Shaggy Mane

Coprinus comatus

White, shaggy, cylindrical cap that turns black and inky. Often grows in large numbers along roadsides and in lawns and disturbed areas. September–October. Cap cylindrical, long, gradually expanding to bell-shaped; white, with flat white scales turning brownish; texture shaggy; with age, cap and gills become inky and liquefy. Gills narrow; spacing very crowded; white, becoming black and inky from the margin inward; attachment free. Stalk tall, straight, slightly bulbous at base; white; texture smooth. Spore print black. Spores magnified are elliptical, smooth, with small pore at tip.

Lookalikes: The green-spored lepiota (Chlorophyllum molybdites) has green spores and its cap is less cylindrical.

Cap width: 1–2½ inches; cap height 1½–6 inches; stalk length: 1½–8 inches; stalk width: ¼–¾ inch.
Habitat and conservation: 
Often grows in large numbers along roadsides and in lawns and disturbed areas. Though the shaggy mane is somewhat fragile, it can pop up in strange places—like wood chip piles, hard ground, roadsides, and even asphalt parking lots. It can reappear in the same area for a few years.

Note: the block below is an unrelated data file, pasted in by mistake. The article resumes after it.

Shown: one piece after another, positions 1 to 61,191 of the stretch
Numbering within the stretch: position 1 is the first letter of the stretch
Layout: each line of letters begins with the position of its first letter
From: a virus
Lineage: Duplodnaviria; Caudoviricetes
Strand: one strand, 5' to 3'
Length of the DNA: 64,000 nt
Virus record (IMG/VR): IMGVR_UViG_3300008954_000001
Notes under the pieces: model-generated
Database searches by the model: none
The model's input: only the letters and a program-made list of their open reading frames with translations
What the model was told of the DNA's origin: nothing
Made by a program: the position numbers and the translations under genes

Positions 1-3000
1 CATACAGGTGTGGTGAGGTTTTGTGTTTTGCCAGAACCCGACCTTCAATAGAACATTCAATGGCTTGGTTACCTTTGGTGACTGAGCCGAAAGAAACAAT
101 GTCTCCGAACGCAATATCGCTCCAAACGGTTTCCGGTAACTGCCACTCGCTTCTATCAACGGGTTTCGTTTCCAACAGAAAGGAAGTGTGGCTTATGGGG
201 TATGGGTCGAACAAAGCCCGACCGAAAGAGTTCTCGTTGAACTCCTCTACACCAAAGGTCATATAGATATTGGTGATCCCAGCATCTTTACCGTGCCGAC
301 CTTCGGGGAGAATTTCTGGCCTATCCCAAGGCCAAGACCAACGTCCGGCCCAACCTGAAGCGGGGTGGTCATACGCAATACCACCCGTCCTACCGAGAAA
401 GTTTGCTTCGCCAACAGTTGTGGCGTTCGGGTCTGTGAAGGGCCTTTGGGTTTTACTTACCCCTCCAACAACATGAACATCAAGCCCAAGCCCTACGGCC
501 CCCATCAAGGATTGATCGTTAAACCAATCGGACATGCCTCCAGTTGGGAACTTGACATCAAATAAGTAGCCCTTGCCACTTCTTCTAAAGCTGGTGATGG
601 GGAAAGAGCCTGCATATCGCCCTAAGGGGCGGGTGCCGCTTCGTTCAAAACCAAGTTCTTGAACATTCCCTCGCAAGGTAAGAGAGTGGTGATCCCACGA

Distribution in Missouri: 
Considered a choice edible, but you have to move fast! Shaggy manes have a very short "shelf-life," typically only lasting 24 hours from emerging to liquefying. Pick only young, fresh specimens. If you want to store them, cook them as soon as you can after harvesting, then refrigerate. Once picked, they will dissolve into inky liquid in just a few hours.
Life cycle: 
This species exists most of the time in the soil as a network of cells (mycelium), taking nourishment from rotting wood and other decaying materials. When ready to reproduce, the mycelium develops mushrooms, which are reproductive structures that produce spores. The spores are released to begin new mycelia elsewhere. In inky caps, the spores are dispersed when the cap decays and liquefies.
Human connections: 
Mushrooms decorate nature the way wildflowers do, adding to our pleasure on hikes. Like wildflowers, they are often bestowed with poetic or fanciful names, reflecting the amusement they bring to us. This species is also called "lawyer's wig" for its resemblance to barristers' wigs worn in Britain.
Ecosystem connections: 
This is one of the many fungus species that live on decaying materials in the soil. It and other such saprobic fungi play an incredibly important role in recycling organic molecules and returning those nutrients to the soil.
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